4. Filmmaking Lessons from the Making of Alien
The 1979 film classic, Alien, still holds true to modern filmmaking. Image via American Cinematographer Magazine.
Taking a look further back in the history of cinema, Ridley Scott‘s sci-fi classic Alien has truly stood the test of time as the textbook example of harrowing and suspenseful filmmaking. Yet, as you can see in the recently released documentary, Memory: The Origins of Alien, once you lift the veil on some of the all-time classics, you can witness just how much the filmmakers struggled and worked to find their vision. Check out more about Scott’s directing choices, Dan O’Bannon‘s scripting, and even see how they shot the infamous “chest burster” scene in the full article here.
5. Non-Linear Storytelling in Watchmen
The Watchmen‘s non-linear genius creates added suspense to the storyline. Image via HBO.
Another big hit of 2019 was HBO’s reimagining of the famous Alan Moore-penned graphic novel Watchmen. While already adapted as a movie in 2009, the new series certainly took a page from the original source’s flair in its heavy use of non-linear storytelling devices. Tracing the roots back to novelist William S. Burroughs, and through other non-linear films like Pulp Fiction and Memento, you can read more about the storytelling and filmmaking device in the full write-up here.
6. Collaborative Directing Styles in The Righteous Gemstones
The challenges for a multi-director series only heightened the creative genius behind The Righteous Gems. Image via HBO.
Here’s one for anyone interested in television, serial, or episodic content. Many of the challenges of modern film and video originate from the crossing between different directors, filmmakers, and creative visions. Taking the HBO series The Righteous Gemstones as an example, the series was notable for its collaborative directing styles between creator Danny McBride and fellow directors Jody Hill and David Gordon Green. And, while the trio have worked together for years, you can read more in-depth into how distinct creative minds can individually — and collectively — tackle such an ambitious project in this full article here.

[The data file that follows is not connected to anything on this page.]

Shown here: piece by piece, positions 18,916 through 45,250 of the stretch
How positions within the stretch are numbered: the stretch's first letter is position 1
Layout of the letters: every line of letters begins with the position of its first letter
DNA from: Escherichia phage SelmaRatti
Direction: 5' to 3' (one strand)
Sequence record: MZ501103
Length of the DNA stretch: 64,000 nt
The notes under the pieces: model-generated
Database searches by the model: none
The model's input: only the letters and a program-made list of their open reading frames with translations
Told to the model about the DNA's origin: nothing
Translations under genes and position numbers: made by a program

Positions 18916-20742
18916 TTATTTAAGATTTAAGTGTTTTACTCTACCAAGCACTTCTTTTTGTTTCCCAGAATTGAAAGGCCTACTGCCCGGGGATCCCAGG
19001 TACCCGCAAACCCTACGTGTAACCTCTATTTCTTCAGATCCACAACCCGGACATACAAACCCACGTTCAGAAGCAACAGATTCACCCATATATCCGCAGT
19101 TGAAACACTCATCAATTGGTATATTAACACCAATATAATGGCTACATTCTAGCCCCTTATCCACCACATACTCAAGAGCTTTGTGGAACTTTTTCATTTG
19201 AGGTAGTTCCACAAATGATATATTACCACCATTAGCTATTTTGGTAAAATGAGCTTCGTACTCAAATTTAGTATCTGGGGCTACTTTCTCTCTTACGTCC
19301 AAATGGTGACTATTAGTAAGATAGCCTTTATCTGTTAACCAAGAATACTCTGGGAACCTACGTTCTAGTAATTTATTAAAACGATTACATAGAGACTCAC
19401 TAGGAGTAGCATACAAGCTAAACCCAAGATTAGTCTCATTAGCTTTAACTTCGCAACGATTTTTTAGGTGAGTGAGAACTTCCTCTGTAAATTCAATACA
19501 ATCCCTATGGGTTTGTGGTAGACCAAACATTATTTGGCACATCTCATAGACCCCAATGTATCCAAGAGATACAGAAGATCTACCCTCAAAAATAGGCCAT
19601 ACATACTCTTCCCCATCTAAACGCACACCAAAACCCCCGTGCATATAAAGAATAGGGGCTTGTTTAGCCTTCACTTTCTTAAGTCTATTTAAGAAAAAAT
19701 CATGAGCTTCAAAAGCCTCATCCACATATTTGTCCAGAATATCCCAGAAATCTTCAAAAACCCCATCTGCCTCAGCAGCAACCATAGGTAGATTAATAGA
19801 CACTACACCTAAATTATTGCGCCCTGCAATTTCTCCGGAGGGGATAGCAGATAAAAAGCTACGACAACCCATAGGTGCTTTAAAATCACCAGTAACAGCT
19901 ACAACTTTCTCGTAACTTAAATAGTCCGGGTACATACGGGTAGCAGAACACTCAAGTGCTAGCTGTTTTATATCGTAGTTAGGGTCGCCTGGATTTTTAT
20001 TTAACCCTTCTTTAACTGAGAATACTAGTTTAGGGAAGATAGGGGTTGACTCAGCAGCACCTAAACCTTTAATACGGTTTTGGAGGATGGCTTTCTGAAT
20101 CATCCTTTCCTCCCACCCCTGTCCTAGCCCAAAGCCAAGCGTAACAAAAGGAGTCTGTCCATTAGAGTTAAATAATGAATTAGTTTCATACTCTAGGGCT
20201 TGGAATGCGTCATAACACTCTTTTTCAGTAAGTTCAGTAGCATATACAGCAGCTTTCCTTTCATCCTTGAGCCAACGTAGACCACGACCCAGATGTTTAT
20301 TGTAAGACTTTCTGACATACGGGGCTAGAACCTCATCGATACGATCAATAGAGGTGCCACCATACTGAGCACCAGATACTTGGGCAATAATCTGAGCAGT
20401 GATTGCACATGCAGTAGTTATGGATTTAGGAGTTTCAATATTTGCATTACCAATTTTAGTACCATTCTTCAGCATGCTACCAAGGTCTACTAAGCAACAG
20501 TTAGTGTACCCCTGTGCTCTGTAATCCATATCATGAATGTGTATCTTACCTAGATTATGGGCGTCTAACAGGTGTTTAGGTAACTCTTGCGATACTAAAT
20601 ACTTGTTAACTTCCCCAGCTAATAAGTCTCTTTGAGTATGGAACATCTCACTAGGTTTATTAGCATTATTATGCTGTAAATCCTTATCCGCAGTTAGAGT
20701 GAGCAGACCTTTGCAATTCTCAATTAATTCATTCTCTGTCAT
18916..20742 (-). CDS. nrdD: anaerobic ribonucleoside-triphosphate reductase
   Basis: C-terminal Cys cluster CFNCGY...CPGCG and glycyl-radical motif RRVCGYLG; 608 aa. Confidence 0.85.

7. Editing and Post-Production Choices in Terminator: Dark Fate
The collaborative work in editing Terminator: Dark Fate attributes to the ingenuity of the film. Image via Adobe.
And finally, let’s not bury the importance of editing and post-production process. You can actually learn a great deal about your own editing workflow and style from the biggest modern blockbusters. And no brand or franchise is bigger than the larger-than-life Terminator film series, which saw the release of Terminator: Dark Fate in 2019. It’s cool to peek behind the scenes to see how the director, editor, associate editor, and visual effects editor all worked in collaboration, using many of the exact same Adobe Creative Cloud tools you’d use on your own projects, just on a much bigger scale. You can watch the BTS featurette and gleam some more insights in the full article here.